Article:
I’ve been trying out the Löffler Windstopper FZ women’s cycling jersey. The jersey features a Gore 1beats2 Windstopper membrane, making it windproof, water-repellent and breathable. It’s been such a mixed summer in the UK – particularly in the north – that a windproof jersey has been surprisingly welcome, despite it being August.
The Gore 1beats2 Windstopper laminate is designed to work best at temperatures between 10 and 20 degrees, so for less-than-perfect British summer days and early autumn, it’s ideal. It was developed to help protect cyclists against the cold and the wind, without having to add extra layers. Windstopper jerseys are designed to keep riders comfortable from dawn to dusk on the bike without the need for adding jackets and gilets. They’re said to provide the same thermal insulation as the combination of a regular jersey plus breathable windbreaker jacket while weighing up to 35% less than the two together.
Löffler is not a well known brand in the UK cycling market but this Austrian cycle wear company makes serious, sensible bike kit. It might not set your heart racing, but it performs solidly.
I can’t say that I have been all that interested in short-sleeved windproof jerseys before. I was of the opinion that if it was cold enough to need a windproof garment, it would probably need long sleeves. Testing this has actually made me realise that there is a place for short-sleeved windproof jerseys, after all. We’ve had a lot of windy weather this summer and – to get all up close and personal – does anyone else find that cycling on windy days causes really sore nipples? It doesn’t have to be a cold day for me to be in some serious discomfort if the wind is up. So, for that reason alone, I take back what I said. Short-sleeved windproof jerseys might have a place in my cycling wardrobe after all.
I’d be lying if I said the Löffler Windstopper jersey excited me; it’s a very functional-looking piece of kit. But, I was pleasantly surprised when I saw the photographs: I actually think it’s quite flattering, and it was very comfortable. I like the stand-up collar – again, good for keeping draughts out – and the fabric feels nice. As autumn approaches, it will be useful paired with arm warmers (more on those later).
However, it’s a bit lacking in design features. It only has one pocket, a rear pocket which zips. It’s generous enough to fit my enormous Sony Xperia Z5, but there isn’t enough storage for inner tubes, bananas and the like. I would also expect a bit more reflective detailing on a very functional garment.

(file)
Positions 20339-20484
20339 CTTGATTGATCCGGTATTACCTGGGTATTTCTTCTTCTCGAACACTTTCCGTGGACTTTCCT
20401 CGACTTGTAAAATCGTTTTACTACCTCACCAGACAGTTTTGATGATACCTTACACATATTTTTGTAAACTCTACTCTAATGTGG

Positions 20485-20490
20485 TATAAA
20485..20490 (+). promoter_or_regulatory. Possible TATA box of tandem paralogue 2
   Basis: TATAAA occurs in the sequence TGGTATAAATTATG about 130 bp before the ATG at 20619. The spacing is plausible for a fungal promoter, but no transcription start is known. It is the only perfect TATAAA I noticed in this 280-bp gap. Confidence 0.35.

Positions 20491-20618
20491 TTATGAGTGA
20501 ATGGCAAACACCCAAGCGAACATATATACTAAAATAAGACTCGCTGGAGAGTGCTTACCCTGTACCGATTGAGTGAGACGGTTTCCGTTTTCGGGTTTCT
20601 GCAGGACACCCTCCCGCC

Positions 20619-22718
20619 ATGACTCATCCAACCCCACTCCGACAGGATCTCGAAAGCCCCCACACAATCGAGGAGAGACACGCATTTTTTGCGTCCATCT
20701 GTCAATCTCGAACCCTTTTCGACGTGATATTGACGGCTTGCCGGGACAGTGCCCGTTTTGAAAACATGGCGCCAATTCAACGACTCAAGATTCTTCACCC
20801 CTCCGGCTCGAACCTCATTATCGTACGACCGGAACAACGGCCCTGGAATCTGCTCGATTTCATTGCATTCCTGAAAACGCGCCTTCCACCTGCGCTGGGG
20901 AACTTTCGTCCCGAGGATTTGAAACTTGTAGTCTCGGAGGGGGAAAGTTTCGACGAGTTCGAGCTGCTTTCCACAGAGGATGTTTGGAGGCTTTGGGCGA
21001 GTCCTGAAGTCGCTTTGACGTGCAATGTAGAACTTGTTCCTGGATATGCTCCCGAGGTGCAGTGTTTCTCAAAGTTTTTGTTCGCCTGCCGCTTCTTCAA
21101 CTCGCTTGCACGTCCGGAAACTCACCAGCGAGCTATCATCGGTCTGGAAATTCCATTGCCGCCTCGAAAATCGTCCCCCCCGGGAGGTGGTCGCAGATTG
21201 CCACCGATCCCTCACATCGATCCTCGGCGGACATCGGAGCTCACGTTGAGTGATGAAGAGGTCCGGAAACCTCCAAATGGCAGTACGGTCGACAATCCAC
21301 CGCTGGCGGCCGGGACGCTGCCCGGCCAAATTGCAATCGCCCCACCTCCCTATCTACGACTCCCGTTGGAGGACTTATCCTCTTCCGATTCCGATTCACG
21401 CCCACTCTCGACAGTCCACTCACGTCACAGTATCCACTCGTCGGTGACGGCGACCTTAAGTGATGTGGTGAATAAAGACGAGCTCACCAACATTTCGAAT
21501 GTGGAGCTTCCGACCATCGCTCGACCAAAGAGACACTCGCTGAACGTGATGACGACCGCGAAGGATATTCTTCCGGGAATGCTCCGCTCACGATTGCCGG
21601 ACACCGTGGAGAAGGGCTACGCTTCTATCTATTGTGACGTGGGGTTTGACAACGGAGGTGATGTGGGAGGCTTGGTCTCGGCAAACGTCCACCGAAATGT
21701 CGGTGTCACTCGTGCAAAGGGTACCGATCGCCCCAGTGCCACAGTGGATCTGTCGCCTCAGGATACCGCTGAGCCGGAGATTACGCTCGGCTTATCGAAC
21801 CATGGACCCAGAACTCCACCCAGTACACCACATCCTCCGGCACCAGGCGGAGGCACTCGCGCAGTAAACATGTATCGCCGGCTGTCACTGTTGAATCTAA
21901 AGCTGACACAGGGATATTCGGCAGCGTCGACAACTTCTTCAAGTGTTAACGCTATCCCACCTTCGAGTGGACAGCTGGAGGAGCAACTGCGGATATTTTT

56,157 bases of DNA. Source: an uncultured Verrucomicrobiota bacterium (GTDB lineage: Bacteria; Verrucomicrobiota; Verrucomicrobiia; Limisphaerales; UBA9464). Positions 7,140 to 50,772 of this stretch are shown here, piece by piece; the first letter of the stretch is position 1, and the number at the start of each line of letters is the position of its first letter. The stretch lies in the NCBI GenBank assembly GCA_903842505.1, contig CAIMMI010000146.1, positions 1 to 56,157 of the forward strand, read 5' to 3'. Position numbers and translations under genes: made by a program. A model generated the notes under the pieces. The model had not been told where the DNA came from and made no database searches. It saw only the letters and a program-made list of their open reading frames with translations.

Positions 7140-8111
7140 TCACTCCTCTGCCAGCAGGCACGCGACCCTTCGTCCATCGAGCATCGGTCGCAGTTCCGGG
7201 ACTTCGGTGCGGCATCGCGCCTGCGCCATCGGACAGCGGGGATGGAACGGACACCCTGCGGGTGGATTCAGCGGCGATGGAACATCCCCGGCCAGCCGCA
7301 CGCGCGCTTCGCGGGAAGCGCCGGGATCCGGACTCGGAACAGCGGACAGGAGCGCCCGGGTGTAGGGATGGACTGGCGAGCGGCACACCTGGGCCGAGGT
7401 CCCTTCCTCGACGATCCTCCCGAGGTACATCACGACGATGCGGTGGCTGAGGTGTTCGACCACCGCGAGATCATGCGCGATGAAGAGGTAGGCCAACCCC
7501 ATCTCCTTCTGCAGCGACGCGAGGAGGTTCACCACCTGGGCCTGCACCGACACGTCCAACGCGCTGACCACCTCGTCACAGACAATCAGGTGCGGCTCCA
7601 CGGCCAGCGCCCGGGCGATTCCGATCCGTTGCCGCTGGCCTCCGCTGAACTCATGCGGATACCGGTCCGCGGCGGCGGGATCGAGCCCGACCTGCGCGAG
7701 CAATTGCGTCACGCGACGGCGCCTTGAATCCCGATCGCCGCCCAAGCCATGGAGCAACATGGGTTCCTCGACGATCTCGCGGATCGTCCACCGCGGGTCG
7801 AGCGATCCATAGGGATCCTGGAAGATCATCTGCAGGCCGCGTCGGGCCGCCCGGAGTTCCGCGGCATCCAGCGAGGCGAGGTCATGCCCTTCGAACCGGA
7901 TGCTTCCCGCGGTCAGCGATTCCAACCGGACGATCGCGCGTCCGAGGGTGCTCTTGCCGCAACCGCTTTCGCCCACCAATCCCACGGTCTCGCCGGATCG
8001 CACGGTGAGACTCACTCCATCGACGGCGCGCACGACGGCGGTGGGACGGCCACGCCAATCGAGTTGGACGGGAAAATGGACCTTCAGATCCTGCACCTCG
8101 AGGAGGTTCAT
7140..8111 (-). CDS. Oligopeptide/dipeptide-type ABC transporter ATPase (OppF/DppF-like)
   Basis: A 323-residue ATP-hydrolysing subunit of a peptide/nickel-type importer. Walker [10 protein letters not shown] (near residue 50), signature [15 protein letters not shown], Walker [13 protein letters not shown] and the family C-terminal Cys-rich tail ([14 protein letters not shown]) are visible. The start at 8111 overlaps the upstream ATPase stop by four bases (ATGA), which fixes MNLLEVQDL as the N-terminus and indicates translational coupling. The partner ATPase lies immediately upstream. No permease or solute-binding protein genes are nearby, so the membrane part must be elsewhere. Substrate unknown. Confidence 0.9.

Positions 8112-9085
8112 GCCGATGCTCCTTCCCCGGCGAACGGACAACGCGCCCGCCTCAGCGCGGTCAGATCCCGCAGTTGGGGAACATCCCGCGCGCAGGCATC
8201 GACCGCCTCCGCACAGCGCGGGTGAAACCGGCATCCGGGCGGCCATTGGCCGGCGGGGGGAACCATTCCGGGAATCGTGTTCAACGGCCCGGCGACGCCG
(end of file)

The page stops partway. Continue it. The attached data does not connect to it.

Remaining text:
It’s a fast drying jersey which is remarkably breathable considering how robust the fabric feels. Wind is blocked really effectively, and sweat is wicked away nicely. The jersey is stretchier than I expected, though a little bit short in the body and prone to riding up. Another inch in length and a stickier silicone grip strip on the hem would be useful.
If you’re looking for a good quality, windproof jersey for commuting, the Löffler Windstopper jersey is a decent buy with excellent windproofing thanks to the Gore 1beats2 Windstopper technology. However, future iterations would benefit from additional pockets and reflective details.
A word of warning – sizing is quite small. I usually wear size medium jerseys but this one is pretty snug, and I would be more comfortable in a size large. (I’m 172cm and weigh 69kg).
I have also been testing the Löffler Windstopper Softshell Light Arm Warmers, when I can wrestle them off Matt who is particularly taken with them. In the summer it’s unusual for me to reach for arm warmers as I’m quite a hot blooded sort – but Matt’s clearly spent too long in the south of England and feels the need for warmth on early morning rides, no matter what time of year!
The Löffler Windstopper Softshell arm warmers are really nice to wear. They are lined with Thermo-Velour for warmth and it is really soft and cosy – lovely against the skin. They stay put, and they are very lightweight and flexible – no bunching inside the elbows.
The reflective logo on the left arm is really bright, but it’s a shame it isn’t on both arms. We’re not huge fans of hi-vis cycling kit, but as bike commuters we are very big fans of reflective detailing.